--Marshal Zeringue

Four reading recommendations for the reluctant paranormal YA reader

At The Barnes & Noble Book Blog, Jenny Kawecki tagged reading recommendations for the reluctant paranormal YA reader, including:
The Grisha Trilogy, by Leigh Bardugo

Shadow and Bone (book #1 in the Grisha series) falls between paranormal and fantasy on the map. In it, we meet Alina, a powerless orphan in a world whose war against darkness relies on the magical elite. But when Alina reveals an ability even she didn’t know she had, she just might be the only person capable of saving her nation.

Why you should read it: We never get tired of an orphan-turned-powerful-magician plot (Harry Potter, anyone?), and Bardugo’s writing is full of beautifully detailed descriptions and the perfect mix of action and romance.
Read about the other entries on the list.

--Marshal Zeringue

Saturday, November 15, 2014

Laura Lippman's four favorite reads of 2014

At Omnivoracious Laura Lippman tagged four favorite books she read this year, including:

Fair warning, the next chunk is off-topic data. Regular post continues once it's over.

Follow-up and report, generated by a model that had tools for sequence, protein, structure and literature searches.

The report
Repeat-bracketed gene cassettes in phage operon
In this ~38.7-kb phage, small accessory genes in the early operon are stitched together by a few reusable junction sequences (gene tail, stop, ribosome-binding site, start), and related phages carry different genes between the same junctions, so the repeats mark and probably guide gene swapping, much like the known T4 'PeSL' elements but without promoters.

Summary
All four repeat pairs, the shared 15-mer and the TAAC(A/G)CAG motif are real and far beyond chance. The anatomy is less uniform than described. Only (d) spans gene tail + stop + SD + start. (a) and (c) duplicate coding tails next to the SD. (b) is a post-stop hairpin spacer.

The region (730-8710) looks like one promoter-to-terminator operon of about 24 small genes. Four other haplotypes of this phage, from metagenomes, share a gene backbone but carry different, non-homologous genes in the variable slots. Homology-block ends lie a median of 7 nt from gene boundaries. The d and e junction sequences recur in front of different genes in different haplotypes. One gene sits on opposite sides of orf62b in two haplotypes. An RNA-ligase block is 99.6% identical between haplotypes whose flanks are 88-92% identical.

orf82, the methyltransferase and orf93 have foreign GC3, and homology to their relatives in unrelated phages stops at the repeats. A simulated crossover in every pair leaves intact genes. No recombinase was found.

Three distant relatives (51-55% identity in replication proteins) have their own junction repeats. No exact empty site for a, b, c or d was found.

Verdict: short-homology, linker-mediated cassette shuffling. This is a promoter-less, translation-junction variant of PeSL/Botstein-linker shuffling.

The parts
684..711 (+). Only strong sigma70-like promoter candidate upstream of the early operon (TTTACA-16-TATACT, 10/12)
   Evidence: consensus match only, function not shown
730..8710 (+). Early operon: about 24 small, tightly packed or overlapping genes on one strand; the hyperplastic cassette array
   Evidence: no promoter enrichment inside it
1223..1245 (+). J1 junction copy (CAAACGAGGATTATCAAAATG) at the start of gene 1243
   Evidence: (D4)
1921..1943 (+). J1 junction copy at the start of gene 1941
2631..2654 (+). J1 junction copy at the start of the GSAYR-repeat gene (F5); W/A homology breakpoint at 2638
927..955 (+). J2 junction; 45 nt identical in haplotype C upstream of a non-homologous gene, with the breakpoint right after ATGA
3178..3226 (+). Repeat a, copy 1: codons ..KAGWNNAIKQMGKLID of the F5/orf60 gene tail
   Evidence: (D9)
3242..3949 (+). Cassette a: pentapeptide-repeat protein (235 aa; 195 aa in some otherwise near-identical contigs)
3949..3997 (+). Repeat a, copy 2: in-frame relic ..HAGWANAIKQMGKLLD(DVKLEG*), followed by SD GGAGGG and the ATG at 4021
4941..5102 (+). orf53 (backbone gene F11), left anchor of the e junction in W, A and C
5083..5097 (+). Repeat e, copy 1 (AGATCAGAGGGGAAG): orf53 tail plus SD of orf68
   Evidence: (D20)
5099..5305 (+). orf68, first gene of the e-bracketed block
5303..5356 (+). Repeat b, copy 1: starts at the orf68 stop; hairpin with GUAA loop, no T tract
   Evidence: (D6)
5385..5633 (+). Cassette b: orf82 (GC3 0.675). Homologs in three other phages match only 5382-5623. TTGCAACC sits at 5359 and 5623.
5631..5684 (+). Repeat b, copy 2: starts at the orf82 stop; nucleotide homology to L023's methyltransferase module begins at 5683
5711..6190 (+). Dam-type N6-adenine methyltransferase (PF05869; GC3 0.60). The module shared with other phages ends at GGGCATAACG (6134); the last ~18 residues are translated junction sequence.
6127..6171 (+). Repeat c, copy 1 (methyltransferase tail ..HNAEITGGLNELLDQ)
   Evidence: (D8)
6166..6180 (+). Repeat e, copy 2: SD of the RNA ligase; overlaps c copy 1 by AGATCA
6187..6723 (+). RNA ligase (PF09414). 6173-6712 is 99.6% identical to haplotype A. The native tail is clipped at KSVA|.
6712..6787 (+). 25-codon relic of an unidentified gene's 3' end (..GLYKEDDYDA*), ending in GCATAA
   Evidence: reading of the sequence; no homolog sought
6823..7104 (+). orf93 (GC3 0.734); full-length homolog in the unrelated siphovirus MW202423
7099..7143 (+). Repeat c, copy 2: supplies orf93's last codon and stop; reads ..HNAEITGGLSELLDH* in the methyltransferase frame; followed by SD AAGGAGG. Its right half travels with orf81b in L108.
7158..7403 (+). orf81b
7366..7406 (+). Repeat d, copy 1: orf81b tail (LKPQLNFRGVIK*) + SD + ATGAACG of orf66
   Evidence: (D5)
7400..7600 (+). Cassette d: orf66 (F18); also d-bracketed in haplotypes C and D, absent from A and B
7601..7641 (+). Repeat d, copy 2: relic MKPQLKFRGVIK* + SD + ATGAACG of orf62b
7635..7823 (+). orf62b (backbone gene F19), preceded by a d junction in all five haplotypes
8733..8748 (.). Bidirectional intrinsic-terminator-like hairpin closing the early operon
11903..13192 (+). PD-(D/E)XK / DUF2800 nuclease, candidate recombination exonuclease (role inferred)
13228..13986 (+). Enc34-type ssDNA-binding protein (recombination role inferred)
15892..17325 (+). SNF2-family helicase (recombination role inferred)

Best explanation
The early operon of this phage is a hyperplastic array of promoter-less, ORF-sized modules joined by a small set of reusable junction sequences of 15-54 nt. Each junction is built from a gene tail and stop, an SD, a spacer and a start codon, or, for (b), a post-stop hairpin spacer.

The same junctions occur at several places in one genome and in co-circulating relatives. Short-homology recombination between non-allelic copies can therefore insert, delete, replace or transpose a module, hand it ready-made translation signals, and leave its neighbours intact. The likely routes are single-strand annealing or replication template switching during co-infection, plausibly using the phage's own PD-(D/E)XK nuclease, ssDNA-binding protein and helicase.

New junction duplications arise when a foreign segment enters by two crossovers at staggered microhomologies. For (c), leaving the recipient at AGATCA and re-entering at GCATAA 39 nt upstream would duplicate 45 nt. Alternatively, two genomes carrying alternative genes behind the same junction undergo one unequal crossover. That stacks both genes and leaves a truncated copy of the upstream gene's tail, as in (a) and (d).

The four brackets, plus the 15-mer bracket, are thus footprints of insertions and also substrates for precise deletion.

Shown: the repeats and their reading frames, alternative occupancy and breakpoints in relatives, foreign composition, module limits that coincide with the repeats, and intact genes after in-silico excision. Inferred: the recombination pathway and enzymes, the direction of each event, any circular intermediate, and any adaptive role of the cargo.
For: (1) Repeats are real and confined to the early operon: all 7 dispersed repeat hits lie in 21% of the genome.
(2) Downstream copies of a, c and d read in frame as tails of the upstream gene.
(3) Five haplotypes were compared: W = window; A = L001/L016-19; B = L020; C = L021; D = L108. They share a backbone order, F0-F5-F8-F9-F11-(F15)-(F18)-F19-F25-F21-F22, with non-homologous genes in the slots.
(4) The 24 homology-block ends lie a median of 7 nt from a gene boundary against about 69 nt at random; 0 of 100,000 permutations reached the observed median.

My Salinger Year by Joanna Rakoff

...I'm not the biggest Salinger fan (I love maybe five of the Nine Stories, find A Catcher in the Rye painfully over-rated) but Rakoff's memoir of her time as an assistant at a literary agency is really about that particular post-college time when one is counting pennies and wondering if life has truly started yet.
Read about the other books on the list.

Also see Laura Lippman's top ten list of books about missing persons.

--Marshal Zeringue

Four books that changed Libby Gleeson

Libby Gleeson is the Australian author of many books for children and teenagers.

One of four books that changed her, as shared at the Sydney Morning Herald:
Alice Munro